Fluoridation of Whanganui's water is a topic for debate again.

On Friday, American professor Paul Connett will present a talk about the dangers of adding fluoride to the water supply.

Author of the book The Case Against Fluoride, he has given more than 2000 lectures in 52 countries and was invited to New Zealand for a nationwide speaking tour by Fluoride Free NZ.

In the lead-up to Professor Connett's visit, local activist Lucy McDougall has been lobbying for support on what she describes as "the biggest health issue of all time".

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"It's all quite scary and horrible that people aren't aware of the damage fluoride can cause.

"Professor Connett's talk is an opportunity for our community to hear exactly what risks fluoride poses on our health and environment."

For more than 60 years New Zealand has been debating the oral health effects of adding fluoride to water.

The Ministry of Health says fluoride is a natural substance that helps protect teeth by making them stronger and reducing tooth decay.

Of the 67 district councils in New Zealand, 23 have fluoridated water supplies; Whanganui does not.

In November 2016, a law was introduced to give district health boards (DHBs) the power to decide on fluoride in drinking water supplies.

This means DHBs would not have to consult the public and would be required to follow the directive of the Minister of Health, via the Crown Entities Act.

Like National, the Labour-led Government has plans to see fluoridation extended via the Health (Fluoridation of Drinking Water) Amendment Bill.

The Whanganui District Health Board has yet to make a public stance on fluoridating Whanganui's water supply.

Health board chief executive Russell Simpson said board members had not discussed fluoride and, until they did, he was unable to comment.

Mrs McDougall said that last year she gathered 700 signatures in Whanganui against fluoridated water, and she had written to all MPs.

"Everybody should have a choice over what goes into their body," she said. "When a town is fluoridated, it becomes inescapable, not only to our bodies but to our environment — no more organic gardening."

Whanganui activists Rick Baum and Lucy McDougall lobby for support against water fluoridation. Photo/Bevan Conley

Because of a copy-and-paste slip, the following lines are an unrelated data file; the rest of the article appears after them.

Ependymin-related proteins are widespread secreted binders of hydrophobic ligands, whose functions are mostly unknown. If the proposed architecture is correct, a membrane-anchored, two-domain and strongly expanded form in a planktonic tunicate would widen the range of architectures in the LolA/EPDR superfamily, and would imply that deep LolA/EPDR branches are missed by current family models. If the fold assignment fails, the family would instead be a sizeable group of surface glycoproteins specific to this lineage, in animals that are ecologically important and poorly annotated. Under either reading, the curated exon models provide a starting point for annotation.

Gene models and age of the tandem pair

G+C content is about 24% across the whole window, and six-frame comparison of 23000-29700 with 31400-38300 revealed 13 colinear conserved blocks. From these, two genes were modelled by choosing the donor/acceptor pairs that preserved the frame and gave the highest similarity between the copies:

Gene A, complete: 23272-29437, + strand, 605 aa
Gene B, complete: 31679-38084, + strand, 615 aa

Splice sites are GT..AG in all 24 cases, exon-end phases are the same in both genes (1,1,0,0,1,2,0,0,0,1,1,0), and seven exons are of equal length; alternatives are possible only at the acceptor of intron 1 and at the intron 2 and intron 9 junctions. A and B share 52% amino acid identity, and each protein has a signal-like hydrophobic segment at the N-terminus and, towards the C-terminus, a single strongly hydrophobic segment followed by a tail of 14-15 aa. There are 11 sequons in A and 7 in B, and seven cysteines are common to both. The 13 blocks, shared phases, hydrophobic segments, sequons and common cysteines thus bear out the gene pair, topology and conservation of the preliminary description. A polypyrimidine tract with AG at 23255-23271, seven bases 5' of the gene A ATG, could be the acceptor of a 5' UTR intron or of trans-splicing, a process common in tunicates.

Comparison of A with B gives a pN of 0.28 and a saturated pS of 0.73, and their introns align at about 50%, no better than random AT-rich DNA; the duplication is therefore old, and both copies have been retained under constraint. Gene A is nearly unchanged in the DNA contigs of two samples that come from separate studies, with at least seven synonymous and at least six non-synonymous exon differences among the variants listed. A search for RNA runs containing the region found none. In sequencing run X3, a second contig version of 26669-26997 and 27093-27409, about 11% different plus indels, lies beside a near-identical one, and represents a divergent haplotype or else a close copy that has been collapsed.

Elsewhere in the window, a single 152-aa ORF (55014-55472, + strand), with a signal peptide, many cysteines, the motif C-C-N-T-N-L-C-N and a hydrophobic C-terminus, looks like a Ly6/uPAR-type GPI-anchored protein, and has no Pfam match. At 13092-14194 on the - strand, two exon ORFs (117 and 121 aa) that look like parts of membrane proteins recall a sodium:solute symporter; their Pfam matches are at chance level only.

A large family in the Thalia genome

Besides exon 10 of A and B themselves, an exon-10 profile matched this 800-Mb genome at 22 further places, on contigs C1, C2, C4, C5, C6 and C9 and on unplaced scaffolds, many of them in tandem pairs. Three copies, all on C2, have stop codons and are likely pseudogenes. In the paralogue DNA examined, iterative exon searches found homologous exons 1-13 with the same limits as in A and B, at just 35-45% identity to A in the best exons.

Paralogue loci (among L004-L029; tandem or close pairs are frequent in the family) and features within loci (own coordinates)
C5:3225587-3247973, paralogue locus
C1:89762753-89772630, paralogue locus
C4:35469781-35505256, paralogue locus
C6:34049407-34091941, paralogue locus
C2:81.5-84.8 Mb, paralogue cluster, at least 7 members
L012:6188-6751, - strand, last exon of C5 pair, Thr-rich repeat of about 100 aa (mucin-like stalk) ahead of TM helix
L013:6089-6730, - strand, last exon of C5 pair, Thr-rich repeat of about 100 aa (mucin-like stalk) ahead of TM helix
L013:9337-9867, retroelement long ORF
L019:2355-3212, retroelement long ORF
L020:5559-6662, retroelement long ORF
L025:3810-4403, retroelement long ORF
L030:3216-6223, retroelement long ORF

Whanganui activists Rick Baum and Lucy McDougall lobby for support against water fluoridation. Photo/Bevan Conley

She said of the fluoride ingested only half is excreted — "the other 50 per cent accumulates in our arteries, bones and organs."

Mrs McDougall said studies showed fluoride carried major health risks, particularly for infants, children and elderly.

"It's a contributing factor in ADHD, dementia, osteoporosis, arthritis, bone cancer, and — despite what we are told by health professionals — it damages the teeth."

Professor Connett is a Cambridge graduate and has a PhD in chemistry.

His talk is at the Davis Lecture Theatre from 7pm to 9pm tomorrow and is open to the public

Dentist believes in benefits of fluoride

Whanganui dental surgeon and local councillor Hadleigh Reid supports fluoridation as a means of combating tooth decay.

But he will attend Professor Paul Connett's talk in Whanganui tomorrow because he acknowledges some people are genuinely concerned about any adverse health effects of fluoride.

Mr Reid said claims that water fluoridation could lead to cancer, bone fractures and other serious conditions were not supported by evidence.

Dentist Hadleigh Reid says low levels of fluoride pose no risk and help fight tooth decay.
Dentist Hadleigh Reid says low levels of fluoride pose no risk and help fight tooth decay.

"Often the evidence quoted by opponents has been derived from studies where the levels of naturally occurring fluoride are so high and need to be reduced, such as some parts of China and the United States."

Mr Reid said fluoride was toxic in high concentrations, a bit like chloride, but in very low concentrations both were safe and beneficial.

"At an observational level, I see a significant increase of dental decay in patients who choose to switch to a non-fluoride toothpaste."

His position on community water fluoridation is the same as the Ministry of Health's — that it makes teeth stronger and healthier.

"Water fluoridation (0.7-1 parts per million) poses no health risks, and that there is
compelling evidence of dental health benefits for all New Zealanders."